King David is surely one of the greatest of men in Jewish history. I love him and his Psalms. But there is one paradox with his engagement with Batseba, mother of Shlomo. How can we explain this? God forgave him.
The passage of King David and Batsheva is among the most difficult passages that the Bible presents us with.
The Sages of the Talmud present a technical explanation for why the sin was not considered true adultery (Batsheva’s husband had written her a divorce document), and make the puzzling statement that “whoever states that David sinned, is mistaken.” It is interesting to note that Abarbanel, in his great commentary to the Bible, states that he cannot accept these words — for surely the Bible presents the tale as a heinous sin, for which King David was punished, and ultimately forgiven?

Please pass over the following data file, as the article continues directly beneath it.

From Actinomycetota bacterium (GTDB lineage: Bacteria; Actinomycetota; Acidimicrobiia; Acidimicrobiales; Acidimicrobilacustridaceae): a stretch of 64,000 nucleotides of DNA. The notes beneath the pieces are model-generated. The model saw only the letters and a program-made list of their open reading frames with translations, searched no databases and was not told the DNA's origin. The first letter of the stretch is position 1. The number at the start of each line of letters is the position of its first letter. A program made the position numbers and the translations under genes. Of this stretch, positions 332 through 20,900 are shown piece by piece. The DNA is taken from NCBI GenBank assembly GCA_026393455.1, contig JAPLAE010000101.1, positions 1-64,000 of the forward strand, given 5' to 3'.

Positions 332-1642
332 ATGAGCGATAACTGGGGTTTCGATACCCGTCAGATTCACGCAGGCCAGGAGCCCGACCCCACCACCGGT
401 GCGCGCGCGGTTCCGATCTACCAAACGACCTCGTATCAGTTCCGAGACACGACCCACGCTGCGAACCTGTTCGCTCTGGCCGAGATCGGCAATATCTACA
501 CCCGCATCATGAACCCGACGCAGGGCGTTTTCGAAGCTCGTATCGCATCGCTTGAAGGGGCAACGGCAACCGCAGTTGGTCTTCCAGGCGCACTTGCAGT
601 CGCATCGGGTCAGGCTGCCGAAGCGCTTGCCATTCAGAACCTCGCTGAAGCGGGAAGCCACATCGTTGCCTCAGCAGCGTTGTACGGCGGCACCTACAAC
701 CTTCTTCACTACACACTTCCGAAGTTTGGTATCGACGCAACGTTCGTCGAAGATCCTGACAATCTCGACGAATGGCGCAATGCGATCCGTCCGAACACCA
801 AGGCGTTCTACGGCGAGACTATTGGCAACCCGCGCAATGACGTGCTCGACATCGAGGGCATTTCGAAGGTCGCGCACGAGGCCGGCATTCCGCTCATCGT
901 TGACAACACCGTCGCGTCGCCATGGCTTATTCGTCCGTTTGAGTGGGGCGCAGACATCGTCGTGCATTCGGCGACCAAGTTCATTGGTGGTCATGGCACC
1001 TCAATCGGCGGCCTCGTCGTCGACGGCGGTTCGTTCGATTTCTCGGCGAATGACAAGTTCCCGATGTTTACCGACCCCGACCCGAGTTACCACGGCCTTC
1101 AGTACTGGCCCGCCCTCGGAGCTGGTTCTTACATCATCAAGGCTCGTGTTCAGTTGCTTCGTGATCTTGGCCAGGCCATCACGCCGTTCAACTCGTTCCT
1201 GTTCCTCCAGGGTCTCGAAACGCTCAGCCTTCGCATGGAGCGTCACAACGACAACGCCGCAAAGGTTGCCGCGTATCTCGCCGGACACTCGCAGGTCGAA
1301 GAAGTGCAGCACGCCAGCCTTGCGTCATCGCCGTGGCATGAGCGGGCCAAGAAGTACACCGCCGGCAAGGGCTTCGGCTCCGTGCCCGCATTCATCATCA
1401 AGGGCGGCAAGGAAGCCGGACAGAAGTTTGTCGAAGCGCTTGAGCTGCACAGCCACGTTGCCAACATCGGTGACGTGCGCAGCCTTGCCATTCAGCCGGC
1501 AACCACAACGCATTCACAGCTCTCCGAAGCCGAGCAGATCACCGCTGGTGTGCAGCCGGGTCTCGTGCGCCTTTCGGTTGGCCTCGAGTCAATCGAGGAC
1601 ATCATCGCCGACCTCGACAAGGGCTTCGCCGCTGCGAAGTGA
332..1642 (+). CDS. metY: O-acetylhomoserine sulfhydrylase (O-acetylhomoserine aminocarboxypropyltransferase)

It would appear that the Sages’ intention was to express the presence of some deeper, supernatural force that was at work. The Davidic lineage, from which the Messiah King is destined to emerge, is replete with the most difficult relationships: Lot and his daugher (from whom Moav was born); Yehuda and his daughter-in-law Tamar (whom Yehuda thought to be a harlot); Ruth and Boaz; David and Batsheva. It would appear that the Messiah, who is destined to bring light to the world, must come via a path of darkness, a hidden path that we cannot fathom.
Aware of this hidden theme, the Sages stated that one who states that David sinned is mistaken. Of course, on a literal, revealed level, he sinned and was punished. However, to state this simplistically would be a mistake, for deeper forces were at work, somehow preparing the path for the future Messiah whom we continue to await.